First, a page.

Sweet are the fruits of adversity. — William Shakespeare

Dead tree with fruit

From now on, I promise to spare you my first-world laments and let my book inspire you.

Whether you support its cause or don’t, I am rewarded by believing its footprint will guide you on your own hero’s journey.


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Read the book’s version of lemons and lemonade.

Dunking Under Waves of Rejection

A lesson on resilience

Rejection hurts.

In my country we call it feeling like caked dogshit on someone’s shoe. (Think of sneakers with deep grooves).

As I began submitting my second book for publication last month, I remembered the pain and sense of defeat I felt years ago as the mailman kept delivering pithy rejections to my first one. Adding to the sting, I then recalled the dejection I experienced during my sorry days of online dating.

But this time around I armored myself for this second, anticipated onslaught.

Tempering my expectations seemed like a good start. They are, as philosopher Alain de Botton says, “reckless enemies of serenity.”

Level-headed realism was next. When it is your first novel, author Jim Harrison warned, and assuming you are not witless, you know well that the odds of your work being published are ten thousand to one against, and even when it is published the reactions from friends and relatives are often puzzled and evasive. (Tell me about it).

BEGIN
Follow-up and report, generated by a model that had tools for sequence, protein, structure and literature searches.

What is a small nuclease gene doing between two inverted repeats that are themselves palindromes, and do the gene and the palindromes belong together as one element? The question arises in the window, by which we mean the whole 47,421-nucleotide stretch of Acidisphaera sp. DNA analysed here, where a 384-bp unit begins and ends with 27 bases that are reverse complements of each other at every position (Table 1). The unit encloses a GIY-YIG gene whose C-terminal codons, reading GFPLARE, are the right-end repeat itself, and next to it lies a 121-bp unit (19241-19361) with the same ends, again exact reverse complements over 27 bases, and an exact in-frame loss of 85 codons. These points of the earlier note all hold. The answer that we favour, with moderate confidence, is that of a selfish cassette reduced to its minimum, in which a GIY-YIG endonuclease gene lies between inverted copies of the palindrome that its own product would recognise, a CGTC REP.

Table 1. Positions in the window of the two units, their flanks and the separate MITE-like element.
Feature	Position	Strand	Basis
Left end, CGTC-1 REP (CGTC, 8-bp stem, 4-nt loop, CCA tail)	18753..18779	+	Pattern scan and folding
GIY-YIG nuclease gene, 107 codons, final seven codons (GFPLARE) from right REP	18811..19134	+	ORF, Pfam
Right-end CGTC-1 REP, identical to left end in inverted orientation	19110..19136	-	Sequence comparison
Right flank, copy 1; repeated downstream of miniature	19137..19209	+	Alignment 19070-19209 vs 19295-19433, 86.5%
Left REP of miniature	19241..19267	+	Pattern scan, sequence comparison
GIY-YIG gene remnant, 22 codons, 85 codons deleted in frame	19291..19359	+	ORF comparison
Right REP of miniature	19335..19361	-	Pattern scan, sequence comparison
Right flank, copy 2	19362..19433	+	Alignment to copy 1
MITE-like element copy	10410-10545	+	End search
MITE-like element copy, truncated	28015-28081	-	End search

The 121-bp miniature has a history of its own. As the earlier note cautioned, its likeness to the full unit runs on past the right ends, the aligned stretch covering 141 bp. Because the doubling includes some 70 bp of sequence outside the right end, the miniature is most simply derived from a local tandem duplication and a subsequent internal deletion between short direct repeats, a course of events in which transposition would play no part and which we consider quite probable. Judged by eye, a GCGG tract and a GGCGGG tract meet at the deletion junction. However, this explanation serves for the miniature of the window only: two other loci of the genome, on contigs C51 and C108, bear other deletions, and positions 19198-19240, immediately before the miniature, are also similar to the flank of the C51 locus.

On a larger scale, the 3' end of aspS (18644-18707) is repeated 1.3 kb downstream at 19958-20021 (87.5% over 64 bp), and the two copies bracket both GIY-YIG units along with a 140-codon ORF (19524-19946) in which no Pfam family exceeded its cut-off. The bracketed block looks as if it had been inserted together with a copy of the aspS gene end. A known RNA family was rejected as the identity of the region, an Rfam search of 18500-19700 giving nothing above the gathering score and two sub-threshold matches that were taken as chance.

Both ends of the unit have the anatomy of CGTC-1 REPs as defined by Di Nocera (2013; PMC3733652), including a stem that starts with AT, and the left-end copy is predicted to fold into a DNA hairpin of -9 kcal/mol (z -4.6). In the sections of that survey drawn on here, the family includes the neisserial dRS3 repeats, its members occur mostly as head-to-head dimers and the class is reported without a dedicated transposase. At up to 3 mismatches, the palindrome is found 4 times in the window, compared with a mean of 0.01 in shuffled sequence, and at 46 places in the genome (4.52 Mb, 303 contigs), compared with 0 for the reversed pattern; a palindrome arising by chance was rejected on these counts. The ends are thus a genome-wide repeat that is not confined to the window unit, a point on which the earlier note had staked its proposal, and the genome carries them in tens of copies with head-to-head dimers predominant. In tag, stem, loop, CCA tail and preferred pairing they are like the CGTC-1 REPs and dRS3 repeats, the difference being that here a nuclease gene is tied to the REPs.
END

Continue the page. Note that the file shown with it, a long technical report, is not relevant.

Despite digging myself into a deeper financial hole through this process, and now and then, I confess, daydreaming of an advance payment to save my divinely foolish ass, I keep reminding myself that my decision to reinvent myself as a writer was not spurred by the potential monetary reward (that’d be funny), but because it is the only thing I wanted to do with whatever is left of my “one wild and precious life.” (Mary Oliver).

One must love a thing very much if he not only practices it without hope for fame or money, but even practices it without any hope of doing it well, wrote G.K Chesterton. Such a man, he added, must love the toils of the work more than any other man can love the rewards of it. This is the root meaning of ‘amateur’ – from the Latin amare: to love.

An amateur has only one reason for doing something: the genuine fire and unbridled passion, concluded Chesterton.